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Maybe I'm exceptionally slow, but this is more or less the example set that I needed for the first 3 months of intermittent learning with fulcro. If this style is helpful to other people, let me know and I'll flesh it out into a blog post.

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Really it needs a writeup beside it to make full sense, but if you've read the first 3 chapters of the book you should be able to understand everything here. This is just a brain dump of examples I used.

AJ Snow03:12:14

the stuff in here matches some of what I've done for learning, nice!


I'm interested in your writeup! It's taking me ages to get my head around Fulcro and I need all the help I can get.


@U5P29DSUS — I found this incredibly helpful, and matches what I've been doing over the last couple of days, trying to replicate the "final-form" examples in the video-series repo. if you're slow, I'm as slow as you are. 😂 After 30+ hours, I've finally gotten my first F3 components running with RAD components, and I think I'm starting to understand idents and queries — or at least enough to get some components doing useful things. But my comprehension of idents and queries is probably still only 30% — I screw them up all the time. I would find a blog post incredibly helpful! Thanks for your help and inspiration getting that RAD form wired up earlier today! 🎉

Jakub Holý (HolyJak)08:12:21

Your screwups are incredibly useful, Gene! We can learn from them how to provide better documentation / learning materials / error messages so keep a track of those! 🙏

Jakub Holý (HolyJak)13:12:13

Would it help you folks if we made an example set such as this, perhaps leveraging Workspaces, and comment each example to explain what/why it demonstrates?

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I like that idea a lot. I’m off work this afternoon, so I’ll probably get the template up. If there is somewhere it is better placed I can move the repo

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Jakub Holý (HolyJak)17:12:51

We could / should make a fulcro-community org on GH..


@U6VPZS1EK haha! I learned about fulcro back in dec 2018... I printed off the full fulcro 2 book. I didn't start building anything meaningful until may this year, so don't feel bad 🙂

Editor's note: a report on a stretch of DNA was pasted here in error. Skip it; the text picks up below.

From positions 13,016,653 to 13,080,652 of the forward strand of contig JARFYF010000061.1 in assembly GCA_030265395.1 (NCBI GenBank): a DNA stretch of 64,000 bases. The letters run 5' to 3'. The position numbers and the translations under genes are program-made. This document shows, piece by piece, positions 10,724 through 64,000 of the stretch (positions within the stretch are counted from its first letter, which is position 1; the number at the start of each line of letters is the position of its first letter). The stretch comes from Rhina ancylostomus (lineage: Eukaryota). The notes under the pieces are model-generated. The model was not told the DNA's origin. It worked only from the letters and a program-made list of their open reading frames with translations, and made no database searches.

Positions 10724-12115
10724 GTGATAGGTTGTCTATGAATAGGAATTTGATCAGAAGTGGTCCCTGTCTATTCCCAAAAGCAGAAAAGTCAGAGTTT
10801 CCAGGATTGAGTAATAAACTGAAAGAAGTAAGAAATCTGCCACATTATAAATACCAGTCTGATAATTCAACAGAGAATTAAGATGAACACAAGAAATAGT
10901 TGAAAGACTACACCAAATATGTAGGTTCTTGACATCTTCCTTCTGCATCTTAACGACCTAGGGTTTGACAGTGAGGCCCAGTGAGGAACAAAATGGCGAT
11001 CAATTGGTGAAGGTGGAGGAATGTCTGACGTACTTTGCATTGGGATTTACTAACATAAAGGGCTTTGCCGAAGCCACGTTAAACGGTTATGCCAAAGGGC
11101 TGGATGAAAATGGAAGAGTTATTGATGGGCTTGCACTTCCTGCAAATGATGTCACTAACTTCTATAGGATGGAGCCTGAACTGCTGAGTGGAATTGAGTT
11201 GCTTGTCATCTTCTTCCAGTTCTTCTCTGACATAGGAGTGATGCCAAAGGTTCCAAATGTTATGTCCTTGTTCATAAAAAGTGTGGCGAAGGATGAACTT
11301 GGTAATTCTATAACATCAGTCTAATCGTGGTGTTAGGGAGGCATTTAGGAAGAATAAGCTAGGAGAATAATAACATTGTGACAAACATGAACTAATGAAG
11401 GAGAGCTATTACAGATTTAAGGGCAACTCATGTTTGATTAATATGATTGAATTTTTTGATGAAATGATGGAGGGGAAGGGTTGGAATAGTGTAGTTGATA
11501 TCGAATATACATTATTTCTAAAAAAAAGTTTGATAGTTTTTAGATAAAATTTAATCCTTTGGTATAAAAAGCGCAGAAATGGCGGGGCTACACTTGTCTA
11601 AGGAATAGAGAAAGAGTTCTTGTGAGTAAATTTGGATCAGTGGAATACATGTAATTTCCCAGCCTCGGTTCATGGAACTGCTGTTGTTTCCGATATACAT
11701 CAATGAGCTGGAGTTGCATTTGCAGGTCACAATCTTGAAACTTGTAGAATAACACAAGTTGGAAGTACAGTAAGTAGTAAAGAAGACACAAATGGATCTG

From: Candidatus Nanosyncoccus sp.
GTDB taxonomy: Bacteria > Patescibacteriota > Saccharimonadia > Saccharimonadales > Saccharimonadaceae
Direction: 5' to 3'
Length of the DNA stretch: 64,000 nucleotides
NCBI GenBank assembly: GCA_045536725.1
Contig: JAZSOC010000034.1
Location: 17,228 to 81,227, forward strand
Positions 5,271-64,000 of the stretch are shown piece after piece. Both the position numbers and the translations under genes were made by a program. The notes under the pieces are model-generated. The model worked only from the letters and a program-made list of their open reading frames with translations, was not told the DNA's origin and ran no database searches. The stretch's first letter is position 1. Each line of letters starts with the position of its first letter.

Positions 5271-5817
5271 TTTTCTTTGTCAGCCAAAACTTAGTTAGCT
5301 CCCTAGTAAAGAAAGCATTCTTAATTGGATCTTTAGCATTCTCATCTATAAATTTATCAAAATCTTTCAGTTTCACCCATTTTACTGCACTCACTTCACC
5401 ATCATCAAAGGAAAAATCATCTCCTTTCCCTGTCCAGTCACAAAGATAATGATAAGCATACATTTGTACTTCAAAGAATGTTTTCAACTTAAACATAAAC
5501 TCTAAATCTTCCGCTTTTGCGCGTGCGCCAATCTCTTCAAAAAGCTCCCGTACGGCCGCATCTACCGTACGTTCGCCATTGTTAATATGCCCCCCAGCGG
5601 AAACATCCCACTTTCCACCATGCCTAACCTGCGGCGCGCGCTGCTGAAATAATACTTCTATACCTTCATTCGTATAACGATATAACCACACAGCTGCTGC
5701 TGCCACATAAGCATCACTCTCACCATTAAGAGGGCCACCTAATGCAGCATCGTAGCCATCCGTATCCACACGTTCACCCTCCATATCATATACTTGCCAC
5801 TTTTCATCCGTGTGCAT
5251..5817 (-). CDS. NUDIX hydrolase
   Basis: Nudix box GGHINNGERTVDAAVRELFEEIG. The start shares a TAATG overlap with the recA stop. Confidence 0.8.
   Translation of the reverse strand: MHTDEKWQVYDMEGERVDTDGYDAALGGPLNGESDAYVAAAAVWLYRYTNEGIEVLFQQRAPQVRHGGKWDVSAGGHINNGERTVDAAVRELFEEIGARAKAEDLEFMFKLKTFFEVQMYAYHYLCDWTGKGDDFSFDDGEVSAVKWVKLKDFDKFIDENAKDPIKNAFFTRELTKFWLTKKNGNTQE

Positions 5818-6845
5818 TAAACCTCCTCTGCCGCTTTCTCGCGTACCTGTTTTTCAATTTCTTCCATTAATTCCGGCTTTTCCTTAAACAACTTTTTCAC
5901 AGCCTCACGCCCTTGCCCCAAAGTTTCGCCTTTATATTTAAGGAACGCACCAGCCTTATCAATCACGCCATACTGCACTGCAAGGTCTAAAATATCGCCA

Jakub Holý (HolyJak)08:12:45

@tony.kay Where is the source code for the RAD.html book? I wanted to send a PR to fix > * Containers (not yet designed) to drop the (not yet designed) since they are designed now.

Gleb Posobin08:12:34

Say I have a component UserPage, which has properties :user/posts and :user/username, which is also the ident, and I want to download posts incrementally: download 10 at the start, and then load and append 10 more on a click of a button. The problem is that on server side, it is actually resolved through two resolvers: :user/username -> :user/id, and then :user/id -> :user/posts. I added handling of two params in the second resolver, and set this fn as a query for UserPage:

(fn [] [:user/username `({:user/posts ~(comp/get-query UserPost)} {:limit 10 :until nil})])
This works for the initial load: I just do
(df/load! app [:user/username username] ui-user-page)
and the posts and user info get displayed. Now I don't know how to request more posts from the server: I could just copy the whole query and set a larger limit, which is dumb, or I need to somehow df/load! with a similar request but with :until set, extract just the :user/posts, and target them at the proper location with targeting/append-to. How do I do that? Plus, in reality I also have a bunch of other props loaded in UserPage's query, which I also would not want to reload, but eql/focus-subquery doesn't seem to work with parametrized queries. And I can't pass the params in the last argument to df/load! because they are the params for the whole query, which only the first resolver :user/username -> :user/id gets, and the :user/id -> :user/posts doesn't see those params. Maybe I am accessing params in pathom wrong? I am doing (-> env :ast :params).

Jakub Holý (HolyJak)08:12:49 uses a dedicated *Page component to wrap the paginated list, displaying a page at a time. It loads more through this load!

(df/load! app :paginate/items ListItem {:params {:start start :end end}                                              :target [:page/by-number page-number :page/items]}) 
Why is this not applicable in your case? And how does the fact that pathom first needs to go from username to user /id complicate it??

Gleb Posobin08:12:15

It is applicable, but do I have to create a global resolver for every such list then?

Gleb Posobin08:12:48

This seems weird, plus I now have to be conscious about naming it uniquely since if it appears somewhere else, pathom will resolve it.

Gleb Posobin08:12:12

I see that there is load-field!, which does almost the thing I need, I just need to figure out a way to get a handle on the UserPage component instance I am rendering (I am doing the load! before the component is rendered).

Jakub Holý (HolyJak)08:12:38

well Pathom has no built-in support for pagination so yes, you need to make a resolver for each paginated list, or autogenerate those based on attributes or whatever.

Gleb Posobin08:12:29

But this is also more general than pagination, this is required for any query that is nested and needs params.

Jakub Holý (HolyJak)08:12:31

Ah, I see what you meant, you don't want a global resolver, you want to load the user's posts in a paginated way. So you still need a resolver, ie.e. my ☝️ applies, but it needs not be global. The load will be different. And the question you are trying to answer is what the load will look like, right?

Jakub Holý (HolyJak)12:12:27

load-field! looks as a good solution for loading more posts (while the initial, pre-render load! of UserPage can load the initial set of posts. . When exactly do you want to load the additional posts? <> ie do you have the component instance there? BTW why doesn't :focus on load! work? You don't need to use the low level eql/focus transform?! (and if you do, apply it one leve down, not to the whole (my-query my-params) but just the my-query